My wonderfully green veggie gardens in the background

Once the chooks and duck are done I head out with the last and smallest bowl for Miss Blackie and her chicks. If I fed her first I would be mobbed by hungry creatures clamouring for their food so she and her babies wait until last. I tip in their food, check that their waterer has enough water for the day, pat anything I can reach or catch and then close their pen back up to keep them safe and to keep Anna away from their food. Being crumbled pellets it’s really not good for Anna at all so it’s vitally important she can’t reach it.

Animals fed, I bemoan the cold (it was 2 degrees out there in fairly thick fog with frost and dew earlier this morning) before heading back inside via the feed bins to deposit the various feed carrying bowls and containers ready for tomorrows run (and Anna’s dinner run too). As much as it is insanely cold I don’t mind the morning feed run. It’s quieter and more peaceful than the same run required inside I can tell you. πŸ˜‰

I feel distinctly farmer-like in my gumboots and feeding our livestock, but a little less so when I consider that I’m in my oh-so-sexy knitted trousers (hey, they’re warm), a woolen jumper and crocheted hat. It’s a good look but it is warm so I don’t care. πŸ˜€ If it’s not raining or nothing is pressing inside I also stop and just stand and soak in the glory of the morning. The sun was just over the hill and sending light-sabres of gold through the trees as I stood, breathing in the clean (but icy) air this morning. It’s pretty much a perfect winters day. πŸ™‚

Winter sun seems so special. I can see the smoke from the wood-fire and the dust motes dancing in those beams as I type.

Winter sun seems so special. I can see the smoke from the wood-fire and the dust motes dancing in those beams as I type.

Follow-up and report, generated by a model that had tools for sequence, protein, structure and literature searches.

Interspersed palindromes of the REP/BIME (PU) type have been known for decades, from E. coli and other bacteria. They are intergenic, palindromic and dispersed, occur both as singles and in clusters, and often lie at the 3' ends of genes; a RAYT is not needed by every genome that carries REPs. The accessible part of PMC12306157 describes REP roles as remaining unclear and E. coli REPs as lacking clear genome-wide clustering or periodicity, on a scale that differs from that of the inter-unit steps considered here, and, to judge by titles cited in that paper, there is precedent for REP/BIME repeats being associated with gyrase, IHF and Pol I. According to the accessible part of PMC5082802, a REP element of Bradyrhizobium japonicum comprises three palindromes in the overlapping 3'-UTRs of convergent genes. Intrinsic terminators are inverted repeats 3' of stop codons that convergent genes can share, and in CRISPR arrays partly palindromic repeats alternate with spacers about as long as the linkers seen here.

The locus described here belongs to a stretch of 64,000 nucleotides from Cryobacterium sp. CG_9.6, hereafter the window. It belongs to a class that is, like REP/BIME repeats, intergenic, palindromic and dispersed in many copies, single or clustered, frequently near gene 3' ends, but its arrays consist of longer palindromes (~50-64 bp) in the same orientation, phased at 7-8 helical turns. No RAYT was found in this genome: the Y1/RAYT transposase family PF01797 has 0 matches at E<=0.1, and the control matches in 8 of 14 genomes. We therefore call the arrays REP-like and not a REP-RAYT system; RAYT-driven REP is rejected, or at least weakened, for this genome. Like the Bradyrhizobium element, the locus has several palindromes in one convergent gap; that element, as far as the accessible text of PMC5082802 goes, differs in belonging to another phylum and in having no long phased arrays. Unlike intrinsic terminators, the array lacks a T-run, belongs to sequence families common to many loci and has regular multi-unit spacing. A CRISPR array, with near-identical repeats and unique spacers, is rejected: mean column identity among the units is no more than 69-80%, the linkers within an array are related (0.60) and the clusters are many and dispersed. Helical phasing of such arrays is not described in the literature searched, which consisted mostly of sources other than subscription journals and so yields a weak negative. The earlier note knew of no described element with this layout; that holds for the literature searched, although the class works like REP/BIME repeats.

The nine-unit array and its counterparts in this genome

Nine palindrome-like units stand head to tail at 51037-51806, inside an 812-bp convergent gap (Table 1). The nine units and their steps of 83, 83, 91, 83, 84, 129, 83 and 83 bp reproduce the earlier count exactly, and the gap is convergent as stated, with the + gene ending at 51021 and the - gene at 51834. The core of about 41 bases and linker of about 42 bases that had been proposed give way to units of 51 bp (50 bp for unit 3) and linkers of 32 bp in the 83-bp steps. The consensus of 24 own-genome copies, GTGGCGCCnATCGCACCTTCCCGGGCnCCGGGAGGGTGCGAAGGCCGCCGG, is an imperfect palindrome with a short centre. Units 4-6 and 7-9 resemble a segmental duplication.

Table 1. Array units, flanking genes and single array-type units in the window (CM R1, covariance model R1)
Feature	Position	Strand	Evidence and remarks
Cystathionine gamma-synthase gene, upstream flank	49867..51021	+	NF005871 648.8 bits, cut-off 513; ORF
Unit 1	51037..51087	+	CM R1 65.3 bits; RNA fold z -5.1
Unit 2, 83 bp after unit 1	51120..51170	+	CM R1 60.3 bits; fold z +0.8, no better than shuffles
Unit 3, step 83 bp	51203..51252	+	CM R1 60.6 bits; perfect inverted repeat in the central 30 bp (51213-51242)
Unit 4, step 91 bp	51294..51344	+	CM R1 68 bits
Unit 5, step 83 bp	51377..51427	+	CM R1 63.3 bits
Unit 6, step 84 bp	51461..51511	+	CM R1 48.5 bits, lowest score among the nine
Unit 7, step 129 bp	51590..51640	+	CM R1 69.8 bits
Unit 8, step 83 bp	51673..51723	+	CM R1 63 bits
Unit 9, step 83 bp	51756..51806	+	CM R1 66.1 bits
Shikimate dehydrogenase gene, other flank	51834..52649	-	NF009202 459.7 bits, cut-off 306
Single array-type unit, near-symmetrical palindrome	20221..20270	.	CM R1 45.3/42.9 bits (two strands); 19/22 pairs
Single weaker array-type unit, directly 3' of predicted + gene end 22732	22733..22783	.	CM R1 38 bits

The best bit of all though? Miss Anna is becoming more and more comfortable with me. She’s a bit antsy about me stroking and touching her all over at the moment but gets a little more comfortable every single day which is great. Slowly slowly is the motto here, patience is something that I am generally not soΒ never good at so it’s a great learning experience for me too. πŸ™‚

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23 thoughts on “Morning routine

  1. Sue says:

    Patience has never been one of my strong points either πŸ™‚
    I delegate animal feeding to the children who are a little bit older than yours and able to enjoy the responsibility ( though less so now the mornings are chilly πŸ˜‰ )
    I do miss the interaction with them though so I often find myself visiting them during the day to just say hello and check that everything is as it should be.
    I totally agree about feeding animals and feeding children. It seems to become more chaotic once they are able to get their own breakfasts too πŸ˜‰

    • The kids will be coming to help me when they want and soon, most days. Jas is more than just a little scared of Anna though (she is the same height head to head so fair call) but he has helped me prepare her food, albeit for dinner. Allegra is less scared of Anna and has patted her and her job will be the chickens as she loves her Honey hen (poor chook gets pounced upon any time Allegra sees her) and loves collecting the eggs too.
      As for the kids, they’re on the cusp of that now. They’re up and down from the table, refilling water etc and helping themselves to the fruit bowl but I don’t mind. We don’t have cereals in our house though, breakfast is eggs etc or porridge or toast, none of which they can yet do themselves (we toast on the wood stove in winter) so for now my kitchen is little people safe… Ok, breakfast is safe. The kitchen is invaded at least 5 times each mealtime… Per child! πŸ˜‰